Strout cites “the Russians” as among the authors she most enjoys rereading. Here, within the compass of far fewer pages, she creates a layered narrative effect reminiscent of Tolstoy. The Burgess siblings and Jim’s wife, Helen, dominate the foreground of the story. The chorus of background voices includes Bob’s ex-wife, the wife of Jim’s law partner, the Shirley Falls chief of police, Susan Burgess’ elderly tenant, a Unitarian minister, and the Somali elder, Abdikarim. These background characters speak only briefly, but Strout brings each to life with telling detail and endows each with a back story embedded in family and community. The many strands of story weave together to create a densely textured tapestry. 

Strout’s legal training and social work background likely contribute to her interest in the question of relative truth. What really happened? Why? Here as in life, the answers often depend upon who is providing the evidence, who is telling the story. The novel’s multiple — but intentionally limited — points of view illustrate and support its theme: no one ever really knows anyone. Understanding and perception are bound by how we see ourselves and others, and how we’re seen by both intimates and strangers.

During an interview with Diane Rehm the author observed, “We have an idea of who we are and we don’t really want that to change … it’s how we get through life.” The chain of events and actions precipitated by the novel’s initial crisis force each family member to re-evaluate core assumptions and beliefs about personal history and identity. “He is not the person I thought he was,” one character says of another — and she could be speaking of every player in this drama. Each is more complicated than he or she appears and each must change.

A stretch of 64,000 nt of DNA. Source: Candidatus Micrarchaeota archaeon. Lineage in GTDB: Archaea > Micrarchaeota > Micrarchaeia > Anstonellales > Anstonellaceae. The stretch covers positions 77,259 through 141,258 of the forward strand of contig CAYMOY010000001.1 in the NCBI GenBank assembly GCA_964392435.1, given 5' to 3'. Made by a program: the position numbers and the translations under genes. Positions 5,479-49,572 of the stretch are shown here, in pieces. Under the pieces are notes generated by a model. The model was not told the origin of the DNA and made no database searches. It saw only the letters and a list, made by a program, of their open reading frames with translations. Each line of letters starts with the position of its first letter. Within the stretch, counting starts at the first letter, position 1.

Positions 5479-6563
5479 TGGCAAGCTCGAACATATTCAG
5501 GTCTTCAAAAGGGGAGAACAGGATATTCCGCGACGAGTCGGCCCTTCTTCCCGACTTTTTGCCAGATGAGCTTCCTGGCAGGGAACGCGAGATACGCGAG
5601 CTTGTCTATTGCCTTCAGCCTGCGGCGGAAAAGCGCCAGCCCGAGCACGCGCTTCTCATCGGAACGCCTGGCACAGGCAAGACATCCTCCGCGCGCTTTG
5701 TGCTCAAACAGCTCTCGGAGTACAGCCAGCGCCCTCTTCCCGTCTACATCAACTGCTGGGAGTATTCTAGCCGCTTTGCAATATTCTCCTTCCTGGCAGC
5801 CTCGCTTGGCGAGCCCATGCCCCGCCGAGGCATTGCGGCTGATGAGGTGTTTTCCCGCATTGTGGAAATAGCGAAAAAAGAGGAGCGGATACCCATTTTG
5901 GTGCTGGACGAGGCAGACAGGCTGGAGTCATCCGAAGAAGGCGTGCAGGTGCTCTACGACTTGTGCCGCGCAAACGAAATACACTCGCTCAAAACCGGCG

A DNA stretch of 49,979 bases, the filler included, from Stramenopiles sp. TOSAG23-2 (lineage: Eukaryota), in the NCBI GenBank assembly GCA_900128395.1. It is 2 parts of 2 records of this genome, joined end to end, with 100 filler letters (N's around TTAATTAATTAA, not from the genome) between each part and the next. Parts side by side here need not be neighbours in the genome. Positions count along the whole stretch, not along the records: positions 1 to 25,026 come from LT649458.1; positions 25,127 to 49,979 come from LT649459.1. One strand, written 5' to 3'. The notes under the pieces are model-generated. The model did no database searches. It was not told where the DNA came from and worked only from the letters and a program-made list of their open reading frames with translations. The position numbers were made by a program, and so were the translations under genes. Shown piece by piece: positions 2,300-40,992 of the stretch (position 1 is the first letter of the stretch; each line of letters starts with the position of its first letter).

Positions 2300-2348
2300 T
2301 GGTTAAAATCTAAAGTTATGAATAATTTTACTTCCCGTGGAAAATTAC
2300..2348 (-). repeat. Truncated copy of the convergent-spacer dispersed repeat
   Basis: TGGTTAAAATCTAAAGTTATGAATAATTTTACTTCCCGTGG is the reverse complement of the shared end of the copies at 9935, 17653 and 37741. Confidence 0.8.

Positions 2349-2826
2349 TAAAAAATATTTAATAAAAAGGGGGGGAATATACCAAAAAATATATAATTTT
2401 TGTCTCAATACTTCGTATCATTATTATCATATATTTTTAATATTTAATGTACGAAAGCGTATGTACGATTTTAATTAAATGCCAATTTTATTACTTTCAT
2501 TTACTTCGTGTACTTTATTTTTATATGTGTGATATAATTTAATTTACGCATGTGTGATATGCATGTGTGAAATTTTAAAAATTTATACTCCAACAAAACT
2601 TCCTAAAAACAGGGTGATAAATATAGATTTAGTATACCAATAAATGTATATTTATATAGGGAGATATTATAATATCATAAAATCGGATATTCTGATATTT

For this reader, Bob Burgess emerges as the most resonant and sympathetic character. In her interview with Rehm, Strout explained that in her writing she seeks “to get across something that’s honest, emotionally and psychologically.” Bob is a quiet triumph in this regard. She also said, “I very often return to the work of Alice Munro and William Trevor. They both just bring me comfort.” Strout’s portrayal of Bob’s development affords the reader similar satisfaction. He becomes the still, reflective center in the midst of dramatic events. “The sky had no moonlight, no stars. He could not believe how dark it was … He had never — never — expected to return to Maine. For a few moments he felt shivers of apprehension: thick sweaters worn day after day, snow kicked from boots, cold rooms entered. He had run from this, and so had Jim. And yet what lay before him did not seem strange, and life was like that, he thought.” 

Bob’s progress through darkness toward light is among the many rewards of reading this fine novel.

Ellen Prentiss Campbell’s fiction and essays have appeared in journals including The Massachusetts Review, The American Literary Review and The Fiction Writers Review. 

She is at work on a novel set in a former psychiatric hospital near her home in Maryland.